New Delhi, March 14: A group visa regime with Pakistan that was to be operationalised from tomorrow has been put off indefinitely, with government sources linking the decision to yesterday’s attack in Kashmir.
Officially, the Centre said the plan had been suspended as “there was no response” from Pakistan. The proposed regime had been on the backburner because of what the Prime Minister last week described in Parliament as the continuation of the “terror machine” in Pakistan, but the timing of today’s deferment was significant because of the terror strike on a CRPF camp.
The neighbours had agreed to the liberalised visa system last year to facilitate people-to-people contact.
The pact, launched with fanfare during then interior minister Rehman Malik’s controversy-shrouded visit, had two parts, both of which are now in limbo.
The first part, which would have included relaxed visa norms for children and old people, was to be implemented from January 15. But it was suspended on January 8, after an Indian army soldier was beheaded by alleged Pakistan troops across the border in Jammu.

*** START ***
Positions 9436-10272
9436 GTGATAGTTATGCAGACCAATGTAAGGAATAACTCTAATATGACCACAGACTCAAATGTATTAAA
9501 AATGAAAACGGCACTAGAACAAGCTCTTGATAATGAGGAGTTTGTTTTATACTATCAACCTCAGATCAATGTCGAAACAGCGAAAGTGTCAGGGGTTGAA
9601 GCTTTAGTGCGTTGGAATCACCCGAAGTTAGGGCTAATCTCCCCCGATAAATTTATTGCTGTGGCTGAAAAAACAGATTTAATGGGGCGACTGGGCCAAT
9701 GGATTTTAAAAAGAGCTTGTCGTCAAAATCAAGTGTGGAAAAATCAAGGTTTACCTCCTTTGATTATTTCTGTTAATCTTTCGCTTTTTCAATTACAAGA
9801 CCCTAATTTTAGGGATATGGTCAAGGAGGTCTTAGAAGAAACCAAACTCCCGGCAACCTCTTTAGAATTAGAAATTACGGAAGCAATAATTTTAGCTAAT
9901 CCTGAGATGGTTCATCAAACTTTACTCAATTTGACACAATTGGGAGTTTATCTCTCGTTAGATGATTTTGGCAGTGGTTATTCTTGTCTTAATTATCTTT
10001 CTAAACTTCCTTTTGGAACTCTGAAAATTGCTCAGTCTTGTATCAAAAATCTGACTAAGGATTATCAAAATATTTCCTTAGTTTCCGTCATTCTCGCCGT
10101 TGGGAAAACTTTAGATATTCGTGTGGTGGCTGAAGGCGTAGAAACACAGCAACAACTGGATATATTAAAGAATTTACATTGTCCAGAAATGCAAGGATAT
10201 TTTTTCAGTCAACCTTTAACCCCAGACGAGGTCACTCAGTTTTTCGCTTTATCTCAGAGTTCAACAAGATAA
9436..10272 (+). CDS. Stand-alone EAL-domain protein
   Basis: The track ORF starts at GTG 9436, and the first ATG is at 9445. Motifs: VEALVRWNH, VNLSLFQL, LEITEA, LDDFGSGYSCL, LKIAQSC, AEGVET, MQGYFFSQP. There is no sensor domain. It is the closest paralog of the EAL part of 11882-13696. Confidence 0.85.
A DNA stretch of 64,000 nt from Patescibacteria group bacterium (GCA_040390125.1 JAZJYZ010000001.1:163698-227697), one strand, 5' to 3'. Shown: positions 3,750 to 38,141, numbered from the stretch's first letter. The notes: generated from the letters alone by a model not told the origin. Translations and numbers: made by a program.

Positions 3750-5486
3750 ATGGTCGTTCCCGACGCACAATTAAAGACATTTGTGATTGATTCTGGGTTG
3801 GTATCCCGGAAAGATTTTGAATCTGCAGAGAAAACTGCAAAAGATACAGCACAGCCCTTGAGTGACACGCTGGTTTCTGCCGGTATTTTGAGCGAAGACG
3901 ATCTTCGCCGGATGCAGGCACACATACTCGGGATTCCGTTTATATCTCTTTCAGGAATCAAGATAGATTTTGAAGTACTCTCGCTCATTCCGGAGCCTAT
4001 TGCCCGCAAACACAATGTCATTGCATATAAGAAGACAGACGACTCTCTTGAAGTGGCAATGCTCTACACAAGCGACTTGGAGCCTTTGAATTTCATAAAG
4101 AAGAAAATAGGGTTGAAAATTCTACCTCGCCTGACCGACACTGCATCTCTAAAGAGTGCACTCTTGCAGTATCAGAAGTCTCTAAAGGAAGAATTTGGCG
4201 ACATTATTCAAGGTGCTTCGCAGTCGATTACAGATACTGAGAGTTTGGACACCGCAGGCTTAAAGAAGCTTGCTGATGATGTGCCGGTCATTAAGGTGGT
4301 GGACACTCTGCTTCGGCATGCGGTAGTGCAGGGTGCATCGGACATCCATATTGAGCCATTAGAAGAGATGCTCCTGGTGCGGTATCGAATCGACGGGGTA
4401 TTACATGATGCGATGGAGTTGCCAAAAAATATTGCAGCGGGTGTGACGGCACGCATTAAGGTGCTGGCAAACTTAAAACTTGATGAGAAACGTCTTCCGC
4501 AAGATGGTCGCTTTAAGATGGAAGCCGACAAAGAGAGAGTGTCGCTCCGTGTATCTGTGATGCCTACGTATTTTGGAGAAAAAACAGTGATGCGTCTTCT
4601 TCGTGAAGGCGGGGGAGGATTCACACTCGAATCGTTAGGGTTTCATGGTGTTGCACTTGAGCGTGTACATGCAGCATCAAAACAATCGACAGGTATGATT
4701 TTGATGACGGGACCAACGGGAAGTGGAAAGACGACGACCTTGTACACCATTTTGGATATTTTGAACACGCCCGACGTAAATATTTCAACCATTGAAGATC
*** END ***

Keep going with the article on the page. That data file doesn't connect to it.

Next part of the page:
According to the pact, the group tourist visa would have been offered for 30 days to tourists travelling in batches of at least 10 and a maximum of 50 under government-approved tour operators or travel agents.
Also under a cloud is the visa-on-arrival scheme for Pakistani nationals above 65 years that was to start at the Attari checkpost near Amritsar.
The suspension of the group visa launch came on a day the Pakistan parliament passed a resolution condemning the hanging of Afzal Guru. They even demanded the return of his body to his family.
Officials in New Delhi described the resolution as a clear sign of “meddling in India’s internal matters”.
Earlier this week, Union home minister Sushil Kumar Shinde said the government would not return Afzal’s body.